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OP0092 Effects of calcitonin and calcium treatment on bone mineral density in patients with juvenile chronic arthritis
  1. R Celiker1,
  2. S Bal1,
  3. A Bakkaloglu2,
  4. E Ozaydin3,
  5. T Coskun3
  1. 1Department of Physical Medicine and Rehabilitation
  2. 2Pediatric Nephrology
  3. 3Metabolism and Nutrition, Hacettepe University, School of Medicine, Ankara, Turkey


Background Osteoporosis is one of the most important and common complications in children with Juvenile Chronic Arthritis (JCA). Osteoporosis in JCA has a multifactorial origin. Reduced or absent physical activity, decreased production of endogenous vitamin D, anaemia and drug treatment, especially steroid treatment are thought to be possible mechanisms of osteoporosis in children with JCA.

Objectives The aim of this study was to evaluate the effect of calcitonin and calcium treatment on bone mineral status in patients with JCA.

Methods According to EULAR criteria 16 patients (7 male, 9 female) with JCA (2 patients with systemic, 2 patients with oligoarticular and 12 patients with polyarticular type) and 13 age and sex similar healthy controls (8 male, 5 female) were included in the study. The mean age of the patients and control groups were 10,12 ± 3,80 and 10,2 ± 3,26 years respectively. Patients with JCA were randomly treated for 6 months with either 50 IU/day salmon calcitonin administered intranasal and 500 mg calcium per day per oral (Group 1) or 500 mg/day calcium only (Group 2) to determine their effect on bone status. Bone mineral density (BMD) of the lumbar spine at the L1-L4 level was measured by dual energy x-ray absorptiometry (Hologic QDR-4500 A). Disease activity was determined by clinical and laboratory evaluation (serum erythrocyte sedimentation rate and C reactive protein levels), and Juvenile Arthritis Functional Assessment Report (JAFAR). Data from BMD measurements were obtained at baseline and 6 months later.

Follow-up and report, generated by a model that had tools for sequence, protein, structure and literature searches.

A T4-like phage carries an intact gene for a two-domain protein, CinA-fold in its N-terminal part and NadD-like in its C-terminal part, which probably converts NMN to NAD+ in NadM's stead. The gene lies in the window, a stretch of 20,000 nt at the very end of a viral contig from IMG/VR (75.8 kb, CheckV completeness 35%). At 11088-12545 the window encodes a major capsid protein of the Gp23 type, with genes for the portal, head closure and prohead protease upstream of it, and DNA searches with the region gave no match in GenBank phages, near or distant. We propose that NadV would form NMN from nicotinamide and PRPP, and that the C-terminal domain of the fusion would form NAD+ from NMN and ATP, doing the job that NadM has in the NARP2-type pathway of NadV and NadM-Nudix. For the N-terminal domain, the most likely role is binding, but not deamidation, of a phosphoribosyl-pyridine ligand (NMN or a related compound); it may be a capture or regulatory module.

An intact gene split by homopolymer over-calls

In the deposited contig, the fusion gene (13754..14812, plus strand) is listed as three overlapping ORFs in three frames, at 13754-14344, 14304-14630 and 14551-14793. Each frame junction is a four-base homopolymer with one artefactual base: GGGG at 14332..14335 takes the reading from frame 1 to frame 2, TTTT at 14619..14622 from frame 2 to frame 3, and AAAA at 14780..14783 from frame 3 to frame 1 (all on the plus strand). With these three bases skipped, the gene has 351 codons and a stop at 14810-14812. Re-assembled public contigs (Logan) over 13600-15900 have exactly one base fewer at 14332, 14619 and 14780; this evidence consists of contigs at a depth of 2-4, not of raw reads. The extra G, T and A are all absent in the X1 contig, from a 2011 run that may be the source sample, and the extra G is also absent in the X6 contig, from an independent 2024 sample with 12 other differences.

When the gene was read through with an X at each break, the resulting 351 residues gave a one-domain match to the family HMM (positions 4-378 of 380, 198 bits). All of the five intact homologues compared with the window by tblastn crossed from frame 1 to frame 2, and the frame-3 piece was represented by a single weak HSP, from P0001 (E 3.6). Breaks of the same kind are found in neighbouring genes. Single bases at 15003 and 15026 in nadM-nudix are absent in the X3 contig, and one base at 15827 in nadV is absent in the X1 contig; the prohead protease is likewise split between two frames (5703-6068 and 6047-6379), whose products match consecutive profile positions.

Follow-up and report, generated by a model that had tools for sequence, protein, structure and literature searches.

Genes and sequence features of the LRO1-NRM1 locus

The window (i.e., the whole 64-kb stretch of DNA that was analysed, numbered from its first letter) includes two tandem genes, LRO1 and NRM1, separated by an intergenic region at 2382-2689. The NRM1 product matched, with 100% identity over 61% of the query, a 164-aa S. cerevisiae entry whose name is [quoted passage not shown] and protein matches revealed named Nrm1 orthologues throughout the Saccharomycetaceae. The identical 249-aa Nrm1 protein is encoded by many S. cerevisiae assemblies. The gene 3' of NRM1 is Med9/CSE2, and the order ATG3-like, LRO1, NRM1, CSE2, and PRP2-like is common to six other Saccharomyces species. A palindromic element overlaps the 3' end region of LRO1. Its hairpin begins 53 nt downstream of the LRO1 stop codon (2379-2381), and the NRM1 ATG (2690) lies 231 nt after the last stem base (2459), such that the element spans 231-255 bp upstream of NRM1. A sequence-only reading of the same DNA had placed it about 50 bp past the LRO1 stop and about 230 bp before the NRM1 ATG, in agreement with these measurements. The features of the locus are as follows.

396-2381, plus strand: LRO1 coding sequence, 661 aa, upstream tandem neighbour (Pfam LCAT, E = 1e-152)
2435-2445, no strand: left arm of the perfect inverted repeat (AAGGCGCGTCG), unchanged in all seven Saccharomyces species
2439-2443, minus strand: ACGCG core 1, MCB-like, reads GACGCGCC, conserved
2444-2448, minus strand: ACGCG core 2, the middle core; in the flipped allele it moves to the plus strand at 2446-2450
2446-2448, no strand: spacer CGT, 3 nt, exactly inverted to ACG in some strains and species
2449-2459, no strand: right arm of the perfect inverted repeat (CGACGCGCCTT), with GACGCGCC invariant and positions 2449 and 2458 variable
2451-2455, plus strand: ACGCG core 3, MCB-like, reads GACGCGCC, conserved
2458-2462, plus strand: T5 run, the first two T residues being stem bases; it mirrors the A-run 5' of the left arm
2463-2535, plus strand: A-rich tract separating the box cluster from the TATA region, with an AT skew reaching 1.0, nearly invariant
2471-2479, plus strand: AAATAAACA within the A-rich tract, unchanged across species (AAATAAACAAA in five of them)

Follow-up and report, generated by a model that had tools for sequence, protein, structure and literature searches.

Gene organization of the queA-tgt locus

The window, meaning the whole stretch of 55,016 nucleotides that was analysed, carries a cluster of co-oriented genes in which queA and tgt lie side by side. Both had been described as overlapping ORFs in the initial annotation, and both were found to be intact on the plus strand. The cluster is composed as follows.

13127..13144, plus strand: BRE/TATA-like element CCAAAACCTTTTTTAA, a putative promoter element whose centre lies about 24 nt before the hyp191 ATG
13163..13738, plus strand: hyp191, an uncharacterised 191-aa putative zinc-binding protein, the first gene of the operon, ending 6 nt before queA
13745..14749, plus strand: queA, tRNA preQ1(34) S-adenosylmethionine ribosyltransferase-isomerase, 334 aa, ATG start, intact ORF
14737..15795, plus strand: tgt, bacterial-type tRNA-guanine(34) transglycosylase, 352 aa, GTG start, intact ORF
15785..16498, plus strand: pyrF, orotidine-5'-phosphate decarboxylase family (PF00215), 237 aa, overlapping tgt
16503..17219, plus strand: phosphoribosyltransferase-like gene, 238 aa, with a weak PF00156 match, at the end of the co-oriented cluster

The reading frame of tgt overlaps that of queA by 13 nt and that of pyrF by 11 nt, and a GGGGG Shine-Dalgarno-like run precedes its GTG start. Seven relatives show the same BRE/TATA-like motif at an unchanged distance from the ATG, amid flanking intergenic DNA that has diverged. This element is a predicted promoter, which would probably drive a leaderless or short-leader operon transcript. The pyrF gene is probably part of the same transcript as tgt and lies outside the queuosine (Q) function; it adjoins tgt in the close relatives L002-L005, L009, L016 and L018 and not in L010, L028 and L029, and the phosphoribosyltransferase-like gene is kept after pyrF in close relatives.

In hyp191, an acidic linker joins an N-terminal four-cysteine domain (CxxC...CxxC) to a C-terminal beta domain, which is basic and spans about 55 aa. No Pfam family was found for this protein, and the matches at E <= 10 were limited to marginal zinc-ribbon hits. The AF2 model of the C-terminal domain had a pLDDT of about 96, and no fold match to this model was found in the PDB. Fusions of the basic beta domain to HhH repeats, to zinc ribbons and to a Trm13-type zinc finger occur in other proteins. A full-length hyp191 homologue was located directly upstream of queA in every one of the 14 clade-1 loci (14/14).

Results The mean age and the duration of disease for groups 1&2 were 9,4 ± 4,31 years and 41,10 ± 42,29 months and 11,33 ± 2,65 years and 40,66 ± 33,31 months respectively. The mean baseline BMD results were 0.458 ± 0.157 gr/cm² in Group 1, 0.580 ± 0.137 gr/cm² in Group 2 and 0.599 ± 0.096 gr/cm² in control group. BMD values of the JCA group were significantly lower than the control group (p = 0,038). In both treatment groups (Group 1 and Group 2) there were an increase in BMD values (p1 = 0,05 and p2 = 0,028 respectively). As the increments were compared the difference in between was not statistically significant (p > 0.05).

Conclusion Our results suggest that children with JCA would benefit from calcium supplementation and calcitonin treatment. No adverse effects were observed in both treatment groups during the follow-up period.

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